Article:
One part of the solar panel called the buss bar, a piece of mechanical tape that conducts electricity, did not have the proper adhesion properties which caused it to crack out in the field, causing the panels to catch fire.
“That went on for three years,” another source familiar with the buss bars said. “That should have been everybody, hands on deck, fix this problem, but it wasn’t handled that way.”
A video obtained by The DC News Foundation shows a solar panel catching fire, which multiple sources identified as being one of Abound’s panels. In fact, the video was taken by one of Abound’s customers.
“Through the second half of 2010 what we realized was ‘oh shit, we have two problems’” that same source said. “What we were realizing is that the buss bar was failing and we were getting major underperformance in the field.”
The burning buss bar problem was apparently fixed in later models, but underperformance in the field still persisted as it did with earlier models.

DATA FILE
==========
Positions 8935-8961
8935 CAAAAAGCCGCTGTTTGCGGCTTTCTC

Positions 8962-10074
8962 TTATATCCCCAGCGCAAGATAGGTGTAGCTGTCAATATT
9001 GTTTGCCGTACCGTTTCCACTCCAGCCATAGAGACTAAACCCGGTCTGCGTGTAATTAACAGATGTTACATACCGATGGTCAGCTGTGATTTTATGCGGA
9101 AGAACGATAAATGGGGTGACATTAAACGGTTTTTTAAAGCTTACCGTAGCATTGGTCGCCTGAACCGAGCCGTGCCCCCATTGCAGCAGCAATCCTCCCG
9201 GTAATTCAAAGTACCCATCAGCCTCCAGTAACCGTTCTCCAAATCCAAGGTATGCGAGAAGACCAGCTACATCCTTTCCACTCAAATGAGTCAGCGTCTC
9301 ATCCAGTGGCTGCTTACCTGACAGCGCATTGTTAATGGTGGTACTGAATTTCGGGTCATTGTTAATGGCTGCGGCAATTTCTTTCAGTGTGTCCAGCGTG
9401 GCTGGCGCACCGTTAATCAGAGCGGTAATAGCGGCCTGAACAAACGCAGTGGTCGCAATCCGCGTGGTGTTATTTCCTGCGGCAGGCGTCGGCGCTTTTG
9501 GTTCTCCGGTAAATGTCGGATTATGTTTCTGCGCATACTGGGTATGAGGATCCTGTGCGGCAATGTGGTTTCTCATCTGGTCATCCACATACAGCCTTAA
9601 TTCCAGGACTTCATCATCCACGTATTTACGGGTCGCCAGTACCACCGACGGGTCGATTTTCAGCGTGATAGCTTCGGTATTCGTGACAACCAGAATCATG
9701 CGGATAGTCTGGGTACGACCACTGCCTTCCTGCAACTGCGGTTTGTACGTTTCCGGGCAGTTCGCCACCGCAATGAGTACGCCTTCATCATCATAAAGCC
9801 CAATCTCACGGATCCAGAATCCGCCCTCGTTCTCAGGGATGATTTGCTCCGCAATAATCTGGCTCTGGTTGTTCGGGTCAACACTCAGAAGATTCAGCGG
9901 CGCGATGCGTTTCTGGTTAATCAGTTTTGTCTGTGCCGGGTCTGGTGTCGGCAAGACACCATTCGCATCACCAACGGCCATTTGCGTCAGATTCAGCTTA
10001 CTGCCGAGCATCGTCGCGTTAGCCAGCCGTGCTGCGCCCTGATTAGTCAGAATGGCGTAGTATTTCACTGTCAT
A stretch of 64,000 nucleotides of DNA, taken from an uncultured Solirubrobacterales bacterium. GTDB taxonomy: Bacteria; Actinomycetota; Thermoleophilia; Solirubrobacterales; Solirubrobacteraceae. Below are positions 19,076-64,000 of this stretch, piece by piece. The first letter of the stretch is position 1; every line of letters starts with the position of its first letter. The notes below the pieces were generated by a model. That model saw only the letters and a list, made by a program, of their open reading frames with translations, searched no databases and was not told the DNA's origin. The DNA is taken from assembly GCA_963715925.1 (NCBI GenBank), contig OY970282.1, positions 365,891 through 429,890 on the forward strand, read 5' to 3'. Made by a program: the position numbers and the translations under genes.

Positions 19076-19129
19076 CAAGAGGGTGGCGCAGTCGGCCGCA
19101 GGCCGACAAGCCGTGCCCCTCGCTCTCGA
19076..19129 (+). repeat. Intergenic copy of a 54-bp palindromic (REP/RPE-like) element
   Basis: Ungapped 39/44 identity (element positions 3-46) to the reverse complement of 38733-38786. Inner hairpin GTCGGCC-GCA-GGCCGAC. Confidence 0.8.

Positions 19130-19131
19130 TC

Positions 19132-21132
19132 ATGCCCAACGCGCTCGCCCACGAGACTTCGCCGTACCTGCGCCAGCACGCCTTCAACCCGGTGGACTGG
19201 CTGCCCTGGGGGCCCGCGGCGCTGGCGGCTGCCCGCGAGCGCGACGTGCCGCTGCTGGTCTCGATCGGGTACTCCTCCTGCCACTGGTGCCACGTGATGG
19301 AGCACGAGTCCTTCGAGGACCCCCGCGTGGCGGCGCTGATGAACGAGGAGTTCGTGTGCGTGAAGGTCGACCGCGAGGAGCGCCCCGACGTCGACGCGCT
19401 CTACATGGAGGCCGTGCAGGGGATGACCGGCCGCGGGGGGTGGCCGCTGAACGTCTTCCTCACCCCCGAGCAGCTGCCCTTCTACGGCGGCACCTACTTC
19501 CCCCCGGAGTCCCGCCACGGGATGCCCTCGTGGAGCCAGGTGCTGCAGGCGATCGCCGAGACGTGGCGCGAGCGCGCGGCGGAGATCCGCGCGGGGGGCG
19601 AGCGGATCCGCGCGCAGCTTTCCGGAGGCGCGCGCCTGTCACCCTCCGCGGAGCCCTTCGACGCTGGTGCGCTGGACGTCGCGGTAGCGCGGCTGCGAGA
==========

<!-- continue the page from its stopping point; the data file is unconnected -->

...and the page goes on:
Once panels were put in the field, they began to seriously underperform because the panels were “juiced” with copper. Copper makes the panels test better at the end of the production line, but perform worse in the fields.
“At room temperature, in a non-interrupted environment, the module ran at 80 watts,” said one source, referring to fact that the panels tested well.
“From the day we closed down we still didn’t know how to make a good module. But the one thing they did know was the more copper you put in it, the better it performed in the factory and the worse it performed out in the field,” another source added.
Copper moves when it’s heated and causes damage to the panel and underperformance. One source noted that copper had to be put into the solar modules, according to a source, but too much copper would hurt the panels performance.
One source noted that DOE had contractors monitoring production in Abounds facilities, and another source said DOE never went beyond that to do field testing, where all the problems were occurring, so it’s unclear to what extent they knew about this problem.
However, this behavior didn’t change even after the loan guarantee had been closed. The DOE revenue metrics and production goals were still in place and Abound kept pushing bad product out the door.
The company couldn’t afford to replace the panels, according to one source, because they needed to push all their panels out the door to meet revenue requirements.